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Evolving the "war room" is the key to advertising's future

Evolving the "war room" is the key to advertising's future Chris Gomersall

After spending some time at Advertising Week at the end of September, it seems that everyone in the marketing industry is focused on the future. Between forecasts for media spending and strategies for new consumer-facing technology, it's clear that everyone (once again) wants to be ahead of the curve.

Yet rarely do forward-looking conversations focus on the day-to-day work of the marketer. We talk about emerging platforms and technologies that will be used, but the challenge is often about understanding how everything fits into the 9 to 5 and how the workspace will change to accommodate progress. There's a growing need for 24-7 marketing awareness to align with the always-on consumer, but how does that manifest itself in the brand marketer's office? We've likely already seen a preview in the form of the "war room," an all-hands marketing gathering geared around a tent pole event like the Super Bowl or Oscars.

The problem is that war rooms as they exist today are episodic -- a few agency folks embedded with the brand for one night, working overtime to ensure they don't miss an opportunity for the next "dunk in the dark" moment. Why is this only for one night? The future of advertising relies on building permanent marketing command centers that put data, visualization, and control of all of a brand's campaigns at the marketer's fingertips.

Permanent setups do exist -- I've seen several when visiting brands. The issue is that so few marketers actually use these setups on an ongoing basis. You hesitate to call them "war rooms" when they lack any sense of urgency. In fact, some of the material on display isn't even useful. Some simply have video monitors showing trending hashtags and random sentiments. Others have charts and graphs on display because they look pretty. What is a marketer supposed to do with that information? What does it even mean?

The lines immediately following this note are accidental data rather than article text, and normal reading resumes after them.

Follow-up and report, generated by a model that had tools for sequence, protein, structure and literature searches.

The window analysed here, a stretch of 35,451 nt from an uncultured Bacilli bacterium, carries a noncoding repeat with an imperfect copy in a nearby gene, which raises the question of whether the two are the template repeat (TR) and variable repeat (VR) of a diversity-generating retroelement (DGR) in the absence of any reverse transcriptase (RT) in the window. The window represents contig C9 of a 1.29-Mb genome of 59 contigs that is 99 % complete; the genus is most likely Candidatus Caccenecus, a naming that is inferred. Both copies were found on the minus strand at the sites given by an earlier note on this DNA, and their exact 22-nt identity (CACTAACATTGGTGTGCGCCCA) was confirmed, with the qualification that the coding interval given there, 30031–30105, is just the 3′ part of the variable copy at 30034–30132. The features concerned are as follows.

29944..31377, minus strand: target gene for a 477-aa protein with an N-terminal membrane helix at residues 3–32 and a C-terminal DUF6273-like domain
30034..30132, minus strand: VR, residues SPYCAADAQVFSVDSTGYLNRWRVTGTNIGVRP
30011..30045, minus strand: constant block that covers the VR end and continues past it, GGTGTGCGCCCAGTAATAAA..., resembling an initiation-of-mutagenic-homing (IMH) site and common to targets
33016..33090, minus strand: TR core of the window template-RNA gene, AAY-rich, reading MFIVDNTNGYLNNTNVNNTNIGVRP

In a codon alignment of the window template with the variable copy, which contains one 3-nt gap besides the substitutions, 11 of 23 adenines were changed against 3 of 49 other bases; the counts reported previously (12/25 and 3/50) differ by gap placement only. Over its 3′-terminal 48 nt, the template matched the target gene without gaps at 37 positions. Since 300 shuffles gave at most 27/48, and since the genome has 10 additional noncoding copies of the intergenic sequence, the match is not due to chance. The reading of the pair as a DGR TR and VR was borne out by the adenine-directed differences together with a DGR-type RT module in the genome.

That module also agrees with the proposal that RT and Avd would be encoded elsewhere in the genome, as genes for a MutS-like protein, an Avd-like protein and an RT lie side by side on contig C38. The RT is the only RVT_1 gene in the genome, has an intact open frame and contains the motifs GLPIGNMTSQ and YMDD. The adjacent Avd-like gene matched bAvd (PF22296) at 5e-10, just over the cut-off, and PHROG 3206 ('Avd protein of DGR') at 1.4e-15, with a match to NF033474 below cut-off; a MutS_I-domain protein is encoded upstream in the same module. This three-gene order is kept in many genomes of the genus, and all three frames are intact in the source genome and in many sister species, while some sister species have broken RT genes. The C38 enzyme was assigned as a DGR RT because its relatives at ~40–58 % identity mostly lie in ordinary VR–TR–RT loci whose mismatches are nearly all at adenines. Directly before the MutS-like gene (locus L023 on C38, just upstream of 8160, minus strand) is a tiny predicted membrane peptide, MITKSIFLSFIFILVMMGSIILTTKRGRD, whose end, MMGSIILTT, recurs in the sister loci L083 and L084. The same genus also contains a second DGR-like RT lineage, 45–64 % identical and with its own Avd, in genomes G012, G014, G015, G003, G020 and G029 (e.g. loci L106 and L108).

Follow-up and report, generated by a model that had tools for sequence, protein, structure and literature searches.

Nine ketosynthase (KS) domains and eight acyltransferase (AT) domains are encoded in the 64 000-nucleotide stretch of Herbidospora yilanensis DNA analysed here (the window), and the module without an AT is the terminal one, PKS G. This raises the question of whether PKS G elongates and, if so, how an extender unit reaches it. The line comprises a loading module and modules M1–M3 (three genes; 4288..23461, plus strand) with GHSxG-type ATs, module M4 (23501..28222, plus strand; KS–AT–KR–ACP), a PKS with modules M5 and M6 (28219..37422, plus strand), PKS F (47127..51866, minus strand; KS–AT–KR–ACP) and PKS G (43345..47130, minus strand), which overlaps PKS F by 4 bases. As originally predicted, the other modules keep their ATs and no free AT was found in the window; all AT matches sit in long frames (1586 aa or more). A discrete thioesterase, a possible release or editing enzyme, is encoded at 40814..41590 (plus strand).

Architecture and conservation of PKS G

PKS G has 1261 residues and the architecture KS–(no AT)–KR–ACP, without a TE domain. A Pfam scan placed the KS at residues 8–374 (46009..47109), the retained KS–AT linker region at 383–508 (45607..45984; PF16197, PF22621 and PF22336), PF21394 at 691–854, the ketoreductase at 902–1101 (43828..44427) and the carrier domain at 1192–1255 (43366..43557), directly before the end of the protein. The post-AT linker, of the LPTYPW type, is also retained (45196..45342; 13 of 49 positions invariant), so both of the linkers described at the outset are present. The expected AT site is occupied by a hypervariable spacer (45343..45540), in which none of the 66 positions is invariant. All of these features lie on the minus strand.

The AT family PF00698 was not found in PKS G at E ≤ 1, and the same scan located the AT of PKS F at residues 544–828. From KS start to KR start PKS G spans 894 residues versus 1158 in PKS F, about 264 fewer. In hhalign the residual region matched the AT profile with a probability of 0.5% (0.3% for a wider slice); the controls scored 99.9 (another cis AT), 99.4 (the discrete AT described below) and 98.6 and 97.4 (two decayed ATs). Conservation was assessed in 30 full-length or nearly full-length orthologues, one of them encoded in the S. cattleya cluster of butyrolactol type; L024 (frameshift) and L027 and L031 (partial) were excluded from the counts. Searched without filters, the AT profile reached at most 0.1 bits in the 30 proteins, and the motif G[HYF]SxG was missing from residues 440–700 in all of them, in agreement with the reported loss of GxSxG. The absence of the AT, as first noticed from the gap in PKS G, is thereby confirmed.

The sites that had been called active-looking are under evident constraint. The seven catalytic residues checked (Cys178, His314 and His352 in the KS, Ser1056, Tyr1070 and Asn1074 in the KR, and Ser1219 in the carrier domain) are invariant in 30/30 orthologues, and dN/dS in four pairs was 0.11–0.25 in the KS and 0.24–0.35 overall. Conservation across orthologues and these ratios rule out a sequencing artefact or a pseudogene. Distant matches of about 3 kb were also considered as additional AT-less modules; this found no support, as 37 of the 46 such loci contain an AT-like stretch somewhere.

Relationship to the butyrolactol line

The always-on marketing command center should give marketers the power to look at their actual campaigns, and to adjust their media spend and campaign tactics as needed. The marketing industry is now heavily reliant on technology, but to many, technology simply means that a computer spits out information. That means information is only going one way, and is hardly interactive. Marketers need the ability to interact with the data and images they're seeing to determine the best course of action, making changes both big and small.

One of the best examples of this I've seen belongs to Wendy's, where the team has access to the digital menus and signage at every Wendy's location. In other words, Wendy's HQ can see what consumers are seeing in any store in any state at that moment on their monitors. This allows them to push menu changes, content, and animations through to their locations instantly.

Wendy's is a great example of a brand constantly tweaking to deliver the best experience to the consumer. The goal of using technology like this is not to have a 50-person gathering every four to six months, but to oversee the media buying and messaging and make light touches periodically.

There's no reason other brands of all sizes and business types can't develop something similar internally. Agencies have a clear need for this in both managing and presenting creative work to clients. Implementing systems like this may seem daunting, but the cost of hardware is plummeting -- 65-inch monitors are available for as little as $500. Investing in the technology to run a system like this is arguably as important as investing in technology to buy and serve the advertising itself.

The future of marketing isn't about episodic messaging, but about accessing the actual campaign and seeing it live, in the office, at all times. It's about knowing what's going on with every piece of a cross-channel marketing effort, as well as competitors' campaigns that are hitting consumers' feeds. The social media war-room of today is a tiny window into the future. Marketers can use that model, exchanging the single-day, all-in mentality for a long-lasting permanent look across their campaigns. Suddenly, they'll find themselves in the future, complete with a useful tool for day-to-day marketing execution.

Chris Gomersall is CEO of Atomized.

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Chris Gomersall is the founder and CEO of ATOMIZED, a marketing software company in Atlanta, GA. Previously, Chris was a Creative Strategist at Facebook and Instagram where he collaborated with the world's biggest brands and agencies?, filed...

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